4. Conventional bipolar manufacturing processes are applicable. Therefore, a digital circuit region with the I2 L structure and an analog circuit region with the conventional bipolar structure can be implemented on the same chip at one time.
5. For the buffer stages requiring a large amount of current to drive the LED display, bipolar transistors are much better than MOS transistors since bipolar transistors with 1/100 area are given the same driving power as compared with MOS transistors. This is because emitters, bases and collectors of bipolar transistors are deeply diffused and formed while sources, gates and drains of MOS transistors are formed in the substantially same plane. This feature is fruitful for LED display electronic wristwatch.
The invention being thus described, it will be obvious that the same may be varied in many ways. Such variations are not to be regarded as a departure from the spirit and scope of the invention, and all such modifications are intended to be included within the scope of the following claims.
|Cited Patent||Filing date||Publication date||Applicant||Title|
|US3862432 *||Mar 12, 1973||Jan 21, 1975||Magic Dot Inc||Touch actuated electronic switch|
|US3944843 *||Jan 11, 1974||Mar 16, 1976||Filinto Vaz Martins||Impedance responsive touch actuated circuit|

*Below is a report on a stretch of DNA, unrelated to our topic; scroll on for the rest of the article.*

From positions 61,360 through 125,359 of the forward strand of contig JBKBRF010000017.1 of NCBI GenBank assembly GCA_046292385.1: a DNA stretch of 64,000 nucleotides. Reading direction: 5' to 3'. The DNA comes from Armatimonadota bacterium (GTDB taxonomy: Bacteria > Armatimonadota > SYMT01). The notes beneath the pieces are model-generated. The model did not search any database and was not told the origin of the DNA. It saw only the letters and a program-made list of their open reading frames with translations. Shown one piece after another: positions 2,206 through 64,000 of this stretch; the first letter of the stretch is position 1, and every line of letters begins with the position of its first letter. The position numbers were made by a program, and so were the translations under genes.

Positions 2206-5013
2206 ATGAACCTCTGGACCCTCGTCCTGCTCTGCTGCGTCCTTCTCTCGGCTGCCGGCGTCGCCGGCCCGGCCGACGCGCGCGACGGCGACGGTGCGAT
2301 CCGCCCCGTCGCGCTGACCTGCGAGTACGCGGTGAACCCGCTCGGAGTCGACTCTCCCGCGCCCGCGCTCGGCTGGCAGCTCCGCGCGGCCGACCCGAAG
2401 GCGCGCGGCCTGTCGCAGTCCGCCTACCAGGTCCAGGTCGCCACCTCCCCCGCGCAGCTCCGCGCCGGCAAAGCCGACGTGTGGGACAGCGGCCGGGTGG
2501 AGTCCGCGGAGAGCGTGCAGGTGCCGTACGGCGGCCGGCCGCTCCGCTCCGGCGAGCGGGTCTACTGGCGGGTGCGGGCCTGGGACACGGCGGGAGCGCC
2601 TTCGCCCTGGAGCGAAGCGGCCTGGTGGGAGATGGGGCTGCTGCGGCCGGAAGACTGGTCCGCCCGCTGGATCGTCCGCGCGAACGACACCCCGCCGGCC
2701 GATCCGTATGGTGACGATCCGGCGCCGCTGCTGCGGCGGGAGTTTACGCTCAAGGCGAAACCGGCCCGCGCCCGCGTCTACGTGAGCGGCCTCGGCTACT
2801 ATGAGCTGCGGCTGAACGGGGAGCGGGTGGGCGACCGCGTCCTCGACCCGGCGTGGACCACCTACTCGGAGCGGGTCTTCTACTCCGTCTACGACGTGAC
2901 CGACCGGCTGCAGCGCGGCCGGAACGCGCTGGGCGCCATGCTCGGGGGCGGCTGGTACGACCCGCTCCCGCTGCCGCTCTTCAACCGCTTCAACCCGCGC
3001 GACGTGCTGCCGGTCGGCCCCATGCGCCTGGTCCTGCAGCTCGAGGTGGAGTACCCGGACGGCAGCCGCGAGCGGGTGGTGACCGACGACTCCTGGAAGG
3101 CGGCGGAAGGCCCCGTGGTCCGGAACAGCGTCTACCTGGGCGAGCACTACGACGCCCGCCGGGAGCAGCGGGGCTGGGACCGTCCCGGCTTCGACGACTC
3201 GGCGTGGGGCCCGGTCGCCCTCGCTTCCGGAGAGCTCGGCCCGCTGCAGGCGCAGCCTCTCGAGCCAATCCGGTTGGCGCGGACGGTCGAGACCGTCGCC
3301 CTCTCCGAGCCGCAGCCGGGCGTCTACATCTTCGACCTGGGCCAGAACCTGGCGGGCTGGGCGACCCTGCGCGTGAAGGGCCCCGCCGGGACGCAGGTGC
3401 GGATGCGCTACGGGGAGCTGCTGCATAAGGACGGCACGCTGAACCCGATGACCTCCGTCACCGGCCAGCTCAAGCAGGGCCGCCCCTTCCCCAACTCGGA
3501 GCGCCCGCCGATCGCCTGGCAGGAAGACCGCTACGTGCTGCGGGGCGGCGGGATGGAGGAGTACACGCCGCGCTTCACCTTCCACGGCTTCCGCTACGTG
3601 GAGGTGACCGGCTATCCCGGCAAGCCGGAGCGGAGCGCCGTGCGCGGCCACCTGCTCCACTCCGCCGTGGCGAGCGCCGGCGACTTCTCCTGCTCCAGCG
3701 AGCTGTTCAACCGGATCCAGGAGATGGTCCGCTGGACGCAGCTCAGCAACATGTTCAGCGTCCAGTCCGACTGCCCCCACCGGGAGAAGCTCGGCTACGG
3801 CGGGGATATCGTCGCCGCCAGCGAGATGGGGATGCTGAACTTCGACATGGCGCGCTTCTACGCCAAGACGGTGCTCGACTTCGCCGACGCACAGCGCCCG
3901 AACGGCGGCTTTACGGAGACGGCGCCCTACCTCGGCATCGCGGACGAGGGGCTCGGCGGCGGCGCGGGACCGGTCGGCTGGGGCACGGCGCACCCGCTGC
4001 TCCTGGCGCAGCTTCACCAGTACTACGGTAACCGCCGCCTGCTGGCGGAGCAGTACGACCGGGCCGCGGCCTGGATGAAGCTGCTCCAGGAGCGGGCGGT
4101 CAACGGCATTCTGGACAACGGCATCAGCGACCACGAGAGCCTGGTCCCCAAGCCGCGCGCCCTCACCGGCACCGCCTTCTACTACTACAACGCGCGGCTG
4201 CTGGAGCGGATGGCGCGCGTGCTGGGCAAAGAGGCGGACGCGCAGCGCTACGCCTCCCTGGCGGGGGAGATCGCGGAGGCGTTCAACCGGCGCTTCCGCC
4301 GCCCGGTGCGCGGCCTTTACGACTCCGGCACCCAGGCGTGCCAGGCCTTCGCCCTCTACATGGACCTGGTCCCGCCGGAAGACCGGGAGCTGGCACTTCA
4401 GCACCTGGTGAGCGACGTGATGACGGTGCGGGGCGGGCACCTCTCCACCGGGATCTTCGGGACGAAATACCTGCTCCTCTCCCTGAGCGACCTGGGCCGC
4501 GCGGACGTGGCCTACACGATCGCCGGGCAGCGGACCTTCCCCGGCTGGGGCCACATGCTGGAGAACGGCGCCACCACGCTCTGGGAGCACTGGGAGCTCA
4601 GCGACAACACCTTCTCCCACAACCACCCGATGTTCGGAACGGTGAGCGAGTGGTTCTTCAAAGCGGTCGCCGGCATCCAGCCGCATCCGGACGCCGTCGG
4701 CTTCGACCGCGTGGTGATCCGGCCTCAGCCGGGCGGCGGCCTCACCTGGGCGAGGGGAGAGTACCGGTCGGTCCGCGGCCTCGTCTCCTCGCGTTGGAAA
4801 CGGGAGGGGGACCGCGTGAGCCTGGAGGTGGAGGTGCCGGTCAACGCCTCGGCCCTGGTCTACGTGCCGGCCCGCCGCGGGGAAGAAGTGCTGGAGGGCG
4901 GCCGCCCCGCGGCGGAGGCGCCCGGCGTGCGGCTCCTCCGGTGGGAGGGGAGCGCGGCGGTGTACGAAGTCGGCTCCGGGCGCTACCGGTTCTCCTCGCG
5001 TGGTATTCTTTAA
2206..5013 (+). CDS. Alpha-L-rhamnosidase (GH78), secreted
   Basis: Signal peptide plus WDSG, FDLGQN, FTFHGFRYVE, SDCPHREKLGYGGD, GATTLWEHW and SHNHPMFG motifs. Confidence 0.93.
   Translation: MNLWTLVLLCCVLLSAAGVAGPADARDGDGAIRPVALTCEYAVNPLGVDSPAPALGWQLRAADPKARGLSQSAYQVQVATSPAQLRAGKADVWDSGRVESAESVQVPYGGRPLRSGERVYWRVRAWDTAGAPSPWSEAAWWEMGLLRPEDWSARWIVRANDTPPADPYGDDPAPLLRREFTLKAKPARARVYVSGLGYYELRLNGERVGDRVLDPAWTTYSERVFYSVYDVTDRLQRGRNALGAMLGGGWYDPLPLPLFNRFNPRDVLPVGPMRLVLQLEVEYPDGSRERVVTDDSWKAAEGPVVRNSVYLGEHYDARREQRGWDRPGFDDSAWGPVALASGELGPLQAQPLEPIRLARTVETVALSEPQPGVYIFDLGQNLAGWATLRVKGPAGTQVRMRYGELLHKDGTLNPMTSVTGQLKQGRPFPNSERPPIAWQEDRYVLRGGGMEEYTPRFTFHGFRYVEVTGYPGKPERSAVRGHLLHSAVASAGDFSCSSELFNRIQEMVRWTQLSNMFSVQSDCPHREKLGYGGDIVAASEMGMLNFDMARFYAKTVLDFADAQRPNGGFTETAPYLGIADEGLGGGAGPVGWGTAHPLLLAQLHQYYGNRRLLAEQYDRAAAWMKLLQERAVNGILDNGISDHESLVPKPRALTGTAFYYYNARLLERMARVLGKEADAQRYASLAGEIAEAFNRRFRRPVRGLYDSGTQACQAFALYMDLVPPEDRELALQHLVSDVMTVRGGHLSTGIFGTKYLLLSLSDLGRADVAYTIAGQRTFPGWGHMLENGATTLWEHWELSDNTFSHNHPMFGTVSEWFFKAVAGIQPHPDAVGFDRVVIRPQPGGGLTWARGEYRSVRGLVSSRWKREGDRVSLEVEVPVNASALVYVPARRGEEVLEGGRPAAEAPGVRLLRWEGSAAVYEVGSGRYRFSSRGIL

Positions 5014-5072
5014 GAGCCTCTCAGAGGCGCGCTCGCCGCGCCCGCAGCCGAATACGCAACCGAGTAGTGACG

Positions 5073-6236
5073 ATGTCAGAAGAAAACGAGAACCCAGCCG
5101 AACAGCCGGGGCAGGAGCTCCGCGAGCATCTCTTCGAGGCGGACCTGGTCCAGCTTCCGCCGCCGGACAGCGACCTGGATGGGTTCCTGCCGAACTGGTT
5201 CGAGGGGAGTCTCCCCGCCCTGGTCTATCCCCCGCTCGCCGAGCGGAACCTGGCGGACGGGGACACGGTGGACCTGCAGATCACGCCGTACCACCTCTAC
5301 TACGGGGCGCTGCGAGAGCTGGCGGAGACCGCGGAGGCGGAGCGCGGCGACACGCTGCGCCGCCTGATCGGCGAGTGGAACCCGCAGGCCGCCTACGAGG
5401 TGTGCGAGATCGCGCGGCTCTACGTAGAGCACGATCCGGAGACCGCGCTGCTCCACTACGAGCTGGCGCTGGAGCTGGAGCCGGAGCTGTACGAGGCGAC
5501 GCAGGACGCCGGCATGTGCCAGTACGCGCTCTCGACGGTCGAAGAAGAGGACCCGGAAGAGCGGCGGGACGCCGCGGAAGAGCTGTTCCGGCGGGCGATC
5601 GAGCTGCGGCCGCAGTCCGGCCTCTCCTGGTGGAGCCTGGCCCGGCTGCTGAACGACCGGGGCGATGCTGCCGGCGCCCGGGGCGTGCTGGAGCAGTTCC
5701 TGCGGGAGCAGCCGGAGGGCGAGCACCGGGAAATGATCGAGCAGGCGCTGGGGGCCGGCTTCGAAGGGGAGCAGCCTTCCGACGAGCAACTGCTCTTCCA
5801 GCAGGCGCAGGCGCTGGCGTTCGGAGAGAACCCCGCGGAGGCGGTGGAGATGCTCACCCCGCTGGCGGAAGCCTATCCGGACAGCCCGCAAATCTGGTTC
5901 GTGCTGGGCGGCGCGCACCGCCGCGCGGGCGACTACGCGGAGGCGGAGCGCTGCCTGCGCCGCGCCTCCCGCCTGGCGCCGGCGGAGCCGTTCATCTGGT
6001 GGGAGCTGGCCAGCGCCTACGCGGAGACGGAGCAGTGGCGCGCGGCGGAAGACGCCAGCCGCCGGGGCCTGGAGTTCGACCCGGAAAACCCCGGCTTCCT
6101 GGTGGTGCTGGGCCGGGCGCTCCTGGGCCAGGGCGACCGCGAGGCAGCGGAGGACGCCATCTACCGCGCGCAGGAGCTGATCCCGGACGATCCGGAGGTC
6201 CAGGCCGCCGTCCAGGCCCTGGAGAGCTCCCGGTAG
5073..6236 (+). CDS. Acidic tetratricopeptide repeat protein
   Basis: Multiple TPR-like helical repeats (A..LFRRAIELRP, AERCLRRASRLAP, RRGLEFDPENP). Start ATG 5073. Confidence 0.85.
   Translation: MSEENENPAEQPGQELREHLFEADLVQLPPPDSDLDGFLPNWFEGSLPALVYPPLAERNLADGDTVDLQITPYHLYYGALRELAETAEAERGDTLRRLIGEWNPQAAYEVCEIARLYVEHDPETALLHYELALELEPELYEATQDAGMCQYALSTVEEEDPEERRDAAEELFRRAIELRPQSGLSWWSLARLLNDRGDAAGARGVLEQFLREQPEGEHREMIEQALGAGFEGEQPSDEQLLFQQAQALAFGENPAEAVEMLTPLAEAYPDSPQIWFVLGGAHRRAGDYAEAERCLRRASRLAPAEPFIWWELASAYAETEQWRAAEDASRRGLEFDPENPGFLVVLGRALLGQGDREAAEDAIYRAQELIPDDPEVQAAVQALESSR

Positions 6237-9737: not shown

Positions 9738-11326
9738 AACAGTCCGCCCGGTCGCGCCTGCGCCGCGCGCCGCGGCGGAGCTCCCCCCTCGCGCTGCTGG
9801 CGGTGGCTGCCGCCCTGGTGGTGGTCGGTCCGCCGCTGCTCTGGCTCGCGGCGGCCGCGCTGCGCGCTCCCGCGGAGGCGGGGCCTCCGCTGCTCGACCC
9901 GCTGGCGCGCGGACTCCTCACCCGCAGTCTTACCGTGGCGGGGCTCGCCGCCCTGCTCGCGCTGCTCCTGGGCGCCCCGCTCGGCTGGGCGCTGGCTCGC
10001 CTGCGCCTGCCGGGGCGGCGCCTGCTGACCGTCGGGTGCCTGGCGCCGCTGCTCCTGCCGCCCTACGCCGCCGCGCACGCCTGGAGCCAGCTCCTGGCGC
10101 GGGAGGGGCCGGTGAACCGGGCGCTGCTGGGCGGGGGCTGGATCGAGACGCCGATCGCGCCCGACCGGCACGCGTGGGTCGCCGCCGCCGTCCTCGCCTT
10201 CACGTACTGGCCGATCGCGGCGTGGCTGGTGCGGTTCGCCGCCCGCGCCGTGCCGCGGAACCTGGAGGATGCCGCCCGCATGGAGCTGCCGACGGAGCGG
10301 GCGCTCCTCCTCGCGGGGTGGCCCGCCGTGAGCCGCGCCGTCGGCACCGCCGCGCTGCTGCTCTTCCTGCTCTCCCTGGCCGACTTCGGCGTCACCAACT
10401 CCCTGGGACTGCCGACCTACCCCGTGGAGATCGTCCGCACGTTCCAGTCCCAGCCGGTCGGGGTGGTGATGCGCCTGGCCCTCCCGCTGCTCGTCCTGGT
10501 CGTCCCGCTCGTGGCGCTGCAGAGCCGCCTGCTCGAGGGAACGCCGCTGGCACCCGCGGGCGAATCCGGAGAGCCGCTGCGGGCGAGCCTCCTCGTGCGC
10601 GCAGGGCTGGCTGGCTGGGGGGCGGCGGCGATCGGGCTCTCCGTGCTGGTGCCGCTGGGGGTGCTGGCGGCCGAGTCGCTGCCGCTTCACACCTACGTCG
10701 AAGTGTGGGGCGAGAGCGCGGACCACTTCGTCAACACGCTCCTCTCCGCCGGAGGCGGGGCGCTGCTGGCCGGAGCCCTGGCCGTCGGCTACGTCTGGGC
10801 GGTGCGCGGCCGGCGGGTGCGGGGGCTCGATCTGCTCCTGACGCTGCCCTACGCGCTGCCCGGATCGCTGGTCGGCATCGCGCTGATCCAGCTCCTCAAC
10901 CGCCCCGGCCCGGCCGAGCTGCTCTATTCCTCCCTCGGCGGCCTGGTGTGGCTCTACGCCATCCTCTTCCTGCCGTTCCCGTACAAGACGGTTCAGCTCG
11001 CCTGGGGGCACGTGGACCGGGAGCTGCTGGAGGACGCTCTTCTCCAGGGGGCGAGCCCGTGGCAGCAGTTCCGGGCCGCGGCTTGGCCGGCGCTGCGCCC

|US3986199 *||Feb 19, 1974||Oct 12, 1976||Texas Instruments Incorporated||Bipolar logic having graded power|
|US3992634 *||May 9, 1975||Nov 16, 1976||Magic Dot, Inc.||Touch actuated electronic switch including protection from high potential electricity|
|US4048796 *||Jun 30, 1976||Sep 20, 1977||Sharp Kabushiki Kaisha||Touch sensitive electrodes formed on the frame of an electronic wristwatch|
|1||*||Choosing sides in Digital Watch Technology Electronics, 6/10/76, pp. 91-99.|
|Citing Patent||Filing date||Publication date||Applicant||Title|
|US4408172 *||Oct 8, 1981||Oct 4, 1983||Heath Company||Variable speed tuning selector|
|US6388390||May 4, 2001||May 14, 2002||Erwin J. Rachwal||Flashlight|
|US7064943 *||May 12, 2003||Jun 20, 2006||Toko Kabushiki Kaisha||Boost-type switching power device|
|US8088043||Jan 3, 2012||Nike, Inc.||Wearable device assembly having athletic functionality|
|US8370549||Feb 5, 2013||Nike, Inc.||Wearable device assembly having athletic functionality|
|US8408436||Sep 5, 2008||Apr 2, 2013||Nike, Inc.||Wearable device assembly having athletic functionality|
|US8469862||Dec 28, 2011||Jun 25, 2013||Nike, Inc.||Wearable device assembly having athletic functionality|
|US8517896||Apr 2, 2009||Aug 27, 2013||Nike, Inc.||Wearable device assembly having athletic functionality|
|US8965732||Aug 23, 2013||Feb 24, 2015||Nike, Inc.||Athletic or other performance sensing systems|
|US20030210504 *||May 12, 2003||Nov 13, 2003||Toko Kabushiki Kaisha||Boost-type switching power device|
|US20080195169 *||Mar 1, 2006||Aug 14, 2008||Koninklijke Philips Electronics N.V.||Low Power Standby Mode Monitor|
|US20090143689 *||Sep 5, 2008||Jun 4, 2009||Nike, Inc.||Wearable device assembly having athletic functionality|
|WO1983002518A1 *||Jan 4, 1983||Jul 21, 1983||Bernard Joseph Mathieu Olivier||Electronic musical mouth instrument|
|WO2006092766A2 *||Mar 1, 2006||Sep 8, 2006||Koninklijke Philips Electronics N.V.||Low power standby mode monitor|
|WO2006092766A3 *||Mar 1, 2006||Nov 23, 2006||Koninkl Philips Electronics Nv||Low power standby mode monitor|
|WO2006092767A1 *||Mar 1, 2006||Sep 8, 2006||Koninklijke Philips Electronics N.V.||Zero power standby mode monitor|
|U.S. Classification||307/116, 327/517, 368/224|
|Cooperative Classification||Y10T307/766, H03K17/9645, G04G21/08|
|European Classification||G04G21/08, H03K17/96R|